Political parties, in particular, have been neglected by the international assistance community – and they did not feature once in Miliband’s remarks. Yet political parties remain one of the weakest links in democratic development in many of the democracies emerging in the developing world, particularly in Africa and Latin America, and research suggests that their weak capacity and durability constitutes a major obstacle to the institutionalisation of democracy. Donors need to overcome their reluctance to engage with political parties on the grounds that such work can be too political or even partisan. They can channel their efforts towards strengthening the institutionalisation of parties (i.e. internal rules, funding, how to develop a programmatic base) in order to help reduce the strong personalisation of politics and ‘clientelistic’ structures prevalent in most developing countries.
- Donors need to come to terms with the contradictions between long-term processes of democracy and the need for results
Finally, while Miliband eloquently states the need to be on the side of democracy, it seems equally important to emphasise that strengthening democratic governance requires a long-term commitment. Building democracy is necessarily a prolonged and non-linear process. This calls for patience and willingness to accept setbacks. However, because of the pressure to show quick results, donors continue to pursue forms of promoting democracy that are too short-term (i.e. focused on foundational elections but less on providing support to future elections and/or strengthening other key institutions), and involve frequent changes in policy direction. Donors need to come to terms with the potential tensions that arise in the kinds of assistance that they provide due to these very different time horizons.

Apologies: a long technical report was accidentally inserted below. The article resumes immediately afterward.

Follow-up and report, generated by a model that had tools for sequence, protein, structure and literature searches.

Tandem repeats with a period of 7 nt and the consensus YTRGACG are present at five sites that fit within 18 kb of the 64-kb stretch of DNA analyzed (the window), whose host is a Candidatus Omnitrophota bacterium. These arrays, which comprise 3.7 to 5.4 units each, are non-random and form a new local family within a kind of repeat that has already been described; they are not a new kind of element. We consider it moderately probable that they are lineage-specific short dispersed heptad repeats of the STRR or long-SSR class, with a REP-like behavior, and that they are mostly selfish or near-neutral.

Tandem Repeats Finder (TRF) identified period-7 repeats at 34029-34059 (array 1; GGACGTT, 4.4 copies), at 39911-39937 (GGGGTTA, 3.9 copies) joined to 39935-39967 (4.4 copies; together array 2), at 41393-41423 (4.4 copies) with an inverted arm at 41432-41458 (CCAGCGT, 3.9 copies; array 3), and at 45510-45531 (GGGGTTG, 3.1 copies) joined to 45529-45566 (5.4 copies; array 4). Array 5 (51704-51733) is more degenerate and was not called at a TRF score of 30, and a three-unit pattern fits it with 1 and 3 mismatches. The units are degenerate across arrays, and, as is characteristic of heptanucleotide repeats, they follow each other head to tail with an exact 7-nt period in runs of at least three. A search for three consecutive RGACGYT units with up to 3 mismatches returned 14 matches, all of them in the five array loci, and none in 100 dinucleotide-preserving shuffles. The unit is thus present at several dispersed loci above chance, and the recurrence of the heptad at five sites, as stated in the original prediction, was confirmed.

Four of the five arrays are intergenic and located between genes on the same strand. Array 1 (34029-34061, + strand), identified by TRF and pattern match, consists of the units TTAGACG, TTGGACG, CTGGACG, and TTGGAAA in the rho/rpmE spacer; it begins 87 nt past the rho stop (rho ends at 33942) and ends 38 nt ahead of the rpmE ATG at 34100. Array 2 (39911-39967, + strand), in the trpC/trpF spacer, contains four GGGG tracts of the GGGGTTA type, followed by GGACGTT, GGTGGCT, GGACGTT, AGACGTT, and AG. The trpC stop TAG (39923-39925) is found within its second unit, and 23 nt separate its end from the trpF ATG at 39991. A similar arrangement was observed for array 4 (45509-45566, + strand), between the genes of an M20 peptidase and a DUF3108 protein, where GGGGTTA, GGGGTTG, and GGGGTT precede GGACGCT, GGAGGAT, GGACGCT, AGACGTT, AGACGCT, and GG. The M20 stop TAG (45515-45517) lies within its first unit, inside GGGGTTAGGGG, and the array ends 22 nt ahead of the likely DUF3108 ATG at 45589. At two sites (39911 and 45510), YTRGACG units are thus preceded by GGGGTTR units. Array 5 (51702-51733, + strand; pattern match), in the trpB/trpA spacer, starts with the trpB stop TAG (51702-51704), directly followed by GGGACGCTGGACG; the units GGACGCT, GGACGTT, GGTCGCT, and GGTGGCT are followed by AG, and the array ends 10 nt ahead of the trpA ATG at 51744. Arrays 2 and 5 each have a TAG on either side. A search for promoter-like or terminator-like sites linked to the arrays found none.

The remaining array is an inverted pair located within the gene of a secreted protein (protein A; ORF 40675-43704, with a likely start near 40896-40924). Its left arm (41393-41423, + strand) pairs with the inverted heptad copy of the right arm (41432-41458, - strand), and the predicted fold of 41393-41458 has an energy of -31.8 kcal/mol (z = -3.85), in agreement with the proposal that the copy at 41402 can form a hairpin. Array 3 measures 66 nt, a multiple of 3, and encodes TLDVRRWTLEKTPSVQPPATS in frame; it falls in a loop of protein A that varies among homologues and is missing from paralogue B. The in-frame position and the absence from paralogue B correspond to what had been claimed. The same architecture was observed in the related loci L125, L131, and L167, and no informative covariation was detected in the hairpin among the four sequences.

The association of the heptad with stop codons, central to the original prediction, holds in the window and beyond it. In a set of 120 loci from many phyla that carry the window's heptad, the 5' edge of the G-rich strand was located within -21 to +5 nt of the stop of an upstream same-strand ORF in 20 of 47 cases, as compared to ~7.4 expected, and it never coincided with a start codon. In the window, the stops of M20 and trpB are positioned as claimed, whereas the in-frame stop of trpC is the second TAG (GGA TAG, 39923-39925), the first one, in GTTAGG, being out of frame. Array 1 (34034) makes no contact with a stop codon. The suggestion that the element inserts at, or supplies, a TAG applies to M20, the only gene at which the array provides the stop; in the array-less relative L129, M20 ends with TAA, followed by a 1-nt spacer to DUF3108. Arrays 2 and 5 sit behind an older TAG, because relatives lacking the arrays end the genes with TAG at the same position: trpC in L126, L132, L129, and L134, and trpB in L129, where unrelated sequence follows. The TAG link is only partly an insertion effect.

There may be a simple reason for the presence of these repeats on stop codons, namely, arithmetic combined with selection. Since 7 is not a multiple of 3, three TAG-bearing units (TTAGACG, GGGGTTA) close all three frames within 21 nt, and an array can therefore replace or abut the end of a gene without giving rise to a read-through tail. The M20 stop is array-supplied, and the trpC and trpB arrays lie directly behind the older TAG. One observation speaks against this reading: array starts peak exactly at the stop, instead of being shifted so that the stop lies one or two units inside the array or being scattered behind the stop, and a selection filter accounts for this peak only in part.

Highlighting the challenges embedded in hybrid regimes does not imply that the risks of democratisation are not worth undertaking. A deeper understanding of the problems that these regimes face is desirable because it provides a more realistic assessment of how democratic politics function in settings that remain undefined as well as a sobering appraisal of what these incipient and fragile democracies can be expected to achieve. We have certainly not reached the ‘end of history’, as Francis Fukuyama (1992) once enthusiastically proclaimed. On the other hand, it is also undeniable that some considerable gains have been made, at the very least in terms of an (almost) universal recognition of the primacy of democratic forms and the kinds of political transformations that have taken place throughout the developing world. How to give substance to those forms so that they don’t ossify as a hollow core of democracy is a formidable endeavour, but one that, as Miliband argues in his speech, is well worth pursuing. However imperfect, democracy is still better than the available alternatives.